Sermons

Summary: Main point: God reclaims your past to bless you into your future.

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This sermon is by James Choung of Intervarsity Christian Fellowship. You are also invited to visit James¡¦ blog at http://www.jameschoung.net/.

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Ever let someone down? I mean, really let them down? They expected something of you, something reasonable, and you didn’t deliver?

The woman I was dating in college was graduating. We had been dating for two and a half years. I was a second year staff worker away at camp, and she made me promise not to be late to her graduation. Sure thing. "No problem. I’ll be there."

I can’t remember what happened. I don’t know if I dilly-dallied after a Scripture study. Or did I need to finish a game of softball? Or had too long a lunch? But all of a sudden, I realized that I was going to be late...

It’s not fun letting people down. Nor is it fun to be let down. It could be something simple. It can be as silly as the Matrix sequels. Or it could be something that makes you question the core: recently, one of my close buddies passed away. He spent two years in the hospital with a rare disease, and we prayed for his healing. But he died at the age of 32.

What do you do when your expectations aren’t met, especially in the things you feel like God had said would come to pass? What do you do when your dreams don’t happen?

The students of Jesus in the passage we’ll cover had sky-high expectations. They thought they were following the Promised One, the one that would overthrow the Roman government and restore the Kingdom of Israel. But this leader wasn’t like other violent Galileans, calling for uprising and revolt. His way had confused them for three years, but he could do great things: heal the sick, bring sight to the blind, raise the dead. He was amazing. He must be the long-awaited king. And they had left everything to follow him. They wanted to rule with him when his Kingdom was established. And it all came to an end after three years of learning and becoming like their rabbi: the Roman government had executed their rabbi and leader. The revolution was over. The Kingdom they hoped for wouldn’t come. And not only that, in the end they showed their true loyalties: every single one of them ran.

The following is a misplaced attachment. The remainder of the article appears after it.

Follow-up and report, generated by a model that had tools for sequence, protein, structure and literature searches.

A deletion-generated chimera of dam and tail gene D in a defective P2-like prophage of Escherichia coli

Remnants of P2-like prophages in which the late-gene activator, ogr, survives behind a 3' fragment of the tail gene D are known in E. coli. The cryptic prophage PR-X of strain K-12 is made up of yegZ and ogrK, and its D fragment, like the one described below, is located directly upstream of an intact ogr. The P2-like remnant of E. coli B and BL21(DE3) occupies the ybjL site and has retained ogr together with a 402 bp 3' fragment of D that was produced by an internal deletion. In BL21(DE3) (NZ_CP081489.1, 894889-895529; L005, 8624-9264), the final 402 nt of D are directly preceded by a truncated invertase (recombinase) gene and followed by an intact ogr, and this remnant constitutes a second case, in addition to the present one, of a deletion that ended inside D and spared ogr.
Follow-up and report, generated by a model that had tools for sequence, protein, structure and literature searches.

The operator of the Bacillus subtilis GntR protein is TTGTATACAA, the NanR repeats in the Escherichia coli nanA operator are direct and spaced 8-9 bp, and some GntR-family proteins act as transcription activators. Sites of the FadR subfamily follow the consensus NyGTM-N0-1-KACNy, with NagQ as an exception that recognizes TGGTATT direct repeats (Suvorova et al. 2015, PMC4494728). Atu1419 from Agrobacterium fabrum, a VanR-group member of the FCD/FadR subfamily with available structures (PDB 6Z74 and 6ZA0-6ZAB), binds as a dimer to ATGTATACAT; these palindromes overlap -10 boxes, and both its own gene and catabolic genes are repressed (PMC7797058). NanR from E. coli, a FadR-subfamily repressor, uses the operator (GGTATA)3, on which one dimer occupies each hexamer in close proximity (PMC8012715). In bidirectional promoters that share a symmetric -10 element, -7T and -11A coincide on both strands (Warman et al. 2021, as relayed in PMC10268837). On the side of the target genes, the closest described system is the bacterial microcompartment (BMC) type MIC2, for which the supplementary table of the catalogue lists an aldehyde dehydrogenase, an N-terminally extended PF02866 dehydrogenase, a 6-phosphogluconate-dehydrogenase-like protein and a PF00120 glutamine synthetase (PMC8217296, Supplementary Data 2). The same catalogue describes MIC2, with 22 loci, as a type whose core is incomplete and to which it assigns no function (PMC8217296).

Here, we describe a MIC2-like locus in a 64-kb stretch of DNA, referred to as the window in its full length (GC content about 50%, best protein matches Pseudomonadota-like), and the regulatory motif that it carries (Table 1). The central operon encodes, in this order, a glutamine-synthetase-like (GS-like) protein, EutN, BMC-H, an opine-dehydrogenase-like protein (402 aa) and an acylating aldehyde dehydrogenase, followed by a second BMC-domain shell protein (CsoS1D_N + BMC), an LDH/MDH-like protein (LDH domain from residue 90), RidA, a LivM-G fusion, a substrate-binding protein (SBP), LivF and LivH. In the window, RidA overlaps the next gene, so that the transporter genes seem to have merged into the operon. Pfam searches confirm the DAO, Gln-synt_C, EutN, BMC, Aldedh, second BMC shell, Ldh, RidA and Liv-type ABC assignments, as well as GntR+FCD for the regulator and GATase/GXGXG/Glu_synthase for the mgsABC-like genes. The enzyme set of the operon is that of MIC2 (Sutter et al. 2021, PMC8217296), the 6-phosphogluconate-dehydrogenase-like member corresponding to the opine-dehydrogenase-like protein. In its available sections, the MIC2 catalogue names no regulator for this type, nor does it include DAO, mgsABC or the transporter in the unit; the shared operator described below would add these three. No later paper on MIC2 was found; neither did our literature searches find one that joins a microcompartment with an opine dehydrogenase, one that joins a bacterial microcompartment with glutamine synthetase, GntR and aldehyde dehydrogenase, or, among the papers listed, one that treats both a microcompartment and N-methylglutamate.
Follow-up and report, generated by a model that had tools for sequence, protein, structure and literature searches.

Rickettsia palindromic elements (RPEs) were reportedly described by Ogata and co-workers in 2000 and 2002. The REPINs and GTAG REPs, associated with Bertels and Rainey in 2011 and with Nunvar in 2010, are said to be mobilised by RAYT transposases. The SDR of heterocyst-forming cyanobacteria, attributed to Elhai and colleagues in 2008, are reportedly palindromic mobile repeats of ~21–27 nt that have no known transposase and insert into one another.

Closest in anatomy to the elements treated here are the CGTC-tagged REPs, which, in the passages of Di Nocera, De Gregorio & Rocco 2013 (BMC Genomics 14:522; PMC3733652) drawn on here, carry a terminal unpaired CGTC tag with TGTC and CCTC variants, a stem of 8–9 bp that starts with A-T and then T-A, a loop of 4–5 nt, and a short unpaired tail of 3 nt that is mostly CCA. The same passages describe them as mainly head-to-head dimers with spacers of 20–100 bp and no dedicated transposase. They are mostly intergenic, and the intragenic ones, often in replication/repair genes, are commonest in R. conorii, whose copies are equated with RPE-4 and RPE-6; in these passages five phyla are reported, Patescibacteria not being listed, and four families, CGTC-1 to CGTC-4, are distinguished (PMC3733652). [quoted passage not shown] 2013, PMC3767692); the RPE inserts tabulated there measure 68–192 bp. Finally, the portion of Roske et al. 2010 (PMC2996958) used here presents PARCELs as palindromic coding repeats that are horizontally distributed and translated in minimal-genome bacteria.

Peter, however, was the worst offender of them all. Full of bravado, always known to act before he thought, he was the outstanding pupil among Jesus’ twelve. And he swore that he would be loyal. But Jesus upbraids him with a prediction. Read slide: John 13. And to Peter’s terror, the prediction comes true. Read slide: John 18. How does Peter feel? Talk about major disappointments „o how does Peter look at himself in the mirror? Another passage says that he wept bitterly. He knew that he blew it.

I. We catch nothing when we go back to our old ways.

Read John 21:1-3. It would be easy to think that the disciples were elated about Jesus’ resurrection. Sure, they were. But some were freaked out. Some were doubtful. And they must all now sit in the guilt of failing their master. For all of their bravado, their nerve didn’t hold up. And they see him, and they’re reminded of their failures. Their early confidence is gone, and the dream of the Kingdom hasn’t awakened in them. So Peter does what anyone would do when loaded down with guilt: he tries to take his mind off of it. "I’m going out to fish." What else would you do to get your mind off of your failures? And they go out all night long. Fishing is backbreaking work. They have to go at night, because their nets aren’t made with the nylon they have today for trammel nets. They’re made of linen, and visible to fish in the day. So they have to do it at night. They have to set up their nets, a three-fold contraption with a corked top and a leaded bottom. And they throw these nets into the water to build aquatic fences, and create a commotion so that the fish would be scared into them. But they don’t catch anything. They try to take their mind off of it by doing something they’re good at, something they know. Yet still catch nothing.


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